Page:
We share 50% of our DNA with bananas
Like a dubious EU directive on bananas, let’s get one thing straight. I’m not saying that we are 50% banana. We are all very much 100% human and entirely unique thank you very much. No, the point of this article is to inform you somewhat in the ways of DNA.
DNA (or to give it its full, entirely forgettable, name, Deoxyribonucleic acid), is a double helix structure made up of sections called genes. These genes provide the biochemical instructions that are needed to make the individual components of all biological organisms. Some of those genes specify visible physical traits, some govern metabolic processes.
I know what you’re thinking. Unless you’re dressing up for a charity run, you’re still nothing like a banana. And you’re right of course. But all living things still share a surprising amount of DNA. Just over 1.5 billion years ago, all of us, including plants and animals, shared the same ancestor. And from this long lost cousin of ours, we’ve all retained those genes that worked so well at replicating life back then, as they do now.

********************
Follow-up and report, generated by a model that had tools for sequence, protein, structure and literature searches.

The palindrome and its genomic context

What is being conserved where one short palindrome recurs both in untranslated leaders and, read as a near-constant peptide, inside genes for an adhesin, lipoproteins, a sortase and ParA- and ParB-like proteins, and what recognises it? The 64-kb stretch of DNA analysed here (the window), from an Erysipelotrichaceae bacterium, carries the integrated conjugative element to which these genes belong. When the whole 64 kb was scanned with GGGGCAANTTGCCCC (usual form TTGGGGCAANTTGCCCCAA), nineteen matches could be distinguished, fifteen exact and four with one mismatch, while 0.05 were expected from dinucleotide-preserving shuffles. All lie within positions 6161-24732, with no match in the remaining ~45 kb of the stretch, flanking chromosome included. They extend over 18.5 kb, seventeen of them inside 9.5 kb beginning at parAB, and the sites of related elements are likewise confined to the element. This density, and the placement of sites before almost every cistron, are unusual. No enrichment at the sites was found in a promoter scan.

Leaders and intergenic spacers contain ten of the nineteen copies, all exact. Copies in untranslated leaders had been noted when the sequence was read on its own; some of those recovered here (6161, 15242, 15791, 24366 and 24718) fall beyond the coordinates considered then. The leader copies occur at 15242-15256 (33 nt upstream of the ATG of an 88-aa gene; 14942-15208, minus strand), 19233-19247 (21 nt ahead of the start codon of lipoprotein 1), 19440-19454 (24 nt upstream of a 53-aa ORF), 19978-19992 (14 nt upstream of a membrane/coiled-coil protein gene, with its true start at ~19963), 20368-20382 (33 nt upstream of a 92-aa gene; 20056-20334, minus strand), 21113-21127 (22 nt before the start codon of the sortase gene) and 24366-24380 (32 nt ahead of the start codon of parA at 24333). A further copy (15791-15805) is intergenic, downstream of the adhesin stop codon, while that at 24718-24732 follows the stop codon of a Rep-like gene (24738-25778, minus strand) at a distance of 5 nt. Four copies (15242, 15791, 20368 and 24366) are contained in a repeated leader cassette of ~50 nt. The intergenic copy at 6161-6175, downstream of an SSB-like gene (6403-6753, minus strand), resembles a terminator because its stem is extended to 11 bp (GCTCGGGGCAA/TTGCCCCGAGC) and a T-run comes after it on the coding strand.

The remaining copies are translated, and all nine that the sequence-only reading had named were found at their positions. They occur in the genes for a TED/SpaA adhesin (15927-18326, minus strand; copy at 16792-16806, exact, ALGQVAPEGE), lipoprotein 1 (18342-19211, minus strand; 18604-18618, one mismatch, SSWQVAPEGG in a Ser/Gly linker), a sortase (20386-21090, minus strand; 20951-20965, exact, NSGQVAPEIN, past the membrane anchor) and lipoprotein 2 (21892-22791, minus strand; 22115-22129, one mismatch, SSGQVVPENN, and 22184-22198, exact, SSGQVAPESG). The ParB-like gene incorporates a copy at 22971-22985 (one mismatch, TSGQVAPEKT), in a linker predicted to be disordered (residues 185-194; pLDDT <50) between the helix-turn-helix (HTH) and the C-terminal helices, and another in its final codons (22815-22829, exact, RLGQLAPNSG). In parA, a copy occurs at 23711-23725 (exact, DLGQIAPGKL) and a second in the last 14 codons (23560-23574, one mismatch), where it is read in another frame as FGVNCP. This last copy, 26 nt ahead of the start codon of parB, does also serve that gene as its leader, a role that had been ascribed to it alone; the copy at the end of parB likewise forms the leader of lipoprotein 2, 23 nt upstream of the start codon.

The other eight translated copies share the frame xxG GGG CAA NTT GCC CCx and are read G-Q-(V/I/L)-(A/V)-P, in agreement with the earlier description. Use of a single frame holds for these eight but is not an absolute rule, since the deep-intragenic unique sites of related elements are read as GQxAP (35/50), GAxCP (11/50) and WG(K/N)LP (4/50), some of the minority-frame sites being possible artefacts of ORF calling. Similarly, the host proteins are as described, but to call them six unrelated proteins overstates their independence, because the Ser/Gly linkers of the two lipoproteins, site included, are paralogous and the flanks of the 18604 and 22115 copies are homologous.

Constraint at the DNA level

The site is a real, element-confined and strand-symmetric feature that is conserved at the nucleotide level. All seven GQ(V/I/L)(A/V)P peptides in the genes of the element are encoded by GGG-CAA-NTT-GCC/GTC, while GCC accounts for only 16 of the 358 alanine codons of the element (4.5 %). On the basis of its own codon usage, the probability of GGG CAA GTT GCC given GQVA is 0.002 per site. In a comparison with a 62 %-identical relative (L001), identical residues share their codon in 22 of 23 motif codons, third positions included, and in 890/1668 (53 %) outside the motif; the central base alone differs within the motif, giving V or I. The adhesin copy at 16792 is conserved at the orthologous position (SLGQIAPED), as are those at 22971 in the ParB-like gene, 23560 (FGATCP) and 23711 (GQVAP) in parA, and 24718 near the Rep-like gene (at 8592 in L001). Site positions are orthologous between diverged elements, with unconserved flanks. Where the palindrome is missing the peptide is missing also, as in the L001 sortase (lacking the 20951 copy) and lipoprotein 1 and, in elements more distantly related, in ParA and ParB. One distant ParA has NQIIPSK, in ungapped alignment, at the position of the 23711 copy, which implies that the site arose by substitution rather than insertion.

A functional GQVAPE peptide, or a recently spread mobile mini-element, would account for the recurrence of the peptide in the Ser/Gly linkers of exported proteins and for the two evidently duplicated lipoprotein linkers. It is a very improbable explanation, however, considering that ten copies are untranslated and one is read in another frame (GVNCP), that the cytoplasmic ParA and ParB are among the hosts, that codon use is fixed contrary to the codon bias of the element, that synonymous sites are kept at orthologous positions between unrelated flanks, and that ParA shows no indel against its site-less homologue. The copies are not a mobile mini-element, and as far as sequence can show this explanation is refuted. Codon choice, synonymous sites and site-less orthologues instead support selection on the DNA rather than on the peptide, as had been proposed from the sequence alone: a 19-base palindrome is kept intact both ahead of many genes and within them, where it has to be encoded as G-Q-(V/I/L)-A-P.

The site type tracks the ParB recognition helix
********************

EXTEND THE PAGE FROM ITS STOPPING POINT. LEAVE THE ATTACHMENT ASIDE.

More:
However, genes can be thought of like building blocks. Even though we still share the same ones, we all use them slightly differently.
You may be surprised to learn just how much DNA we share with other organisms. According to Javier Herrero of the European Molecular Biology Laboratory, we share:
88% with mice
85% with cows
84% with dogs
65% with chickens
47% with fruit flies
24% with wine grapes
18% with yeast
By Graham Foster
Graham is a graphic designer with a passion for science
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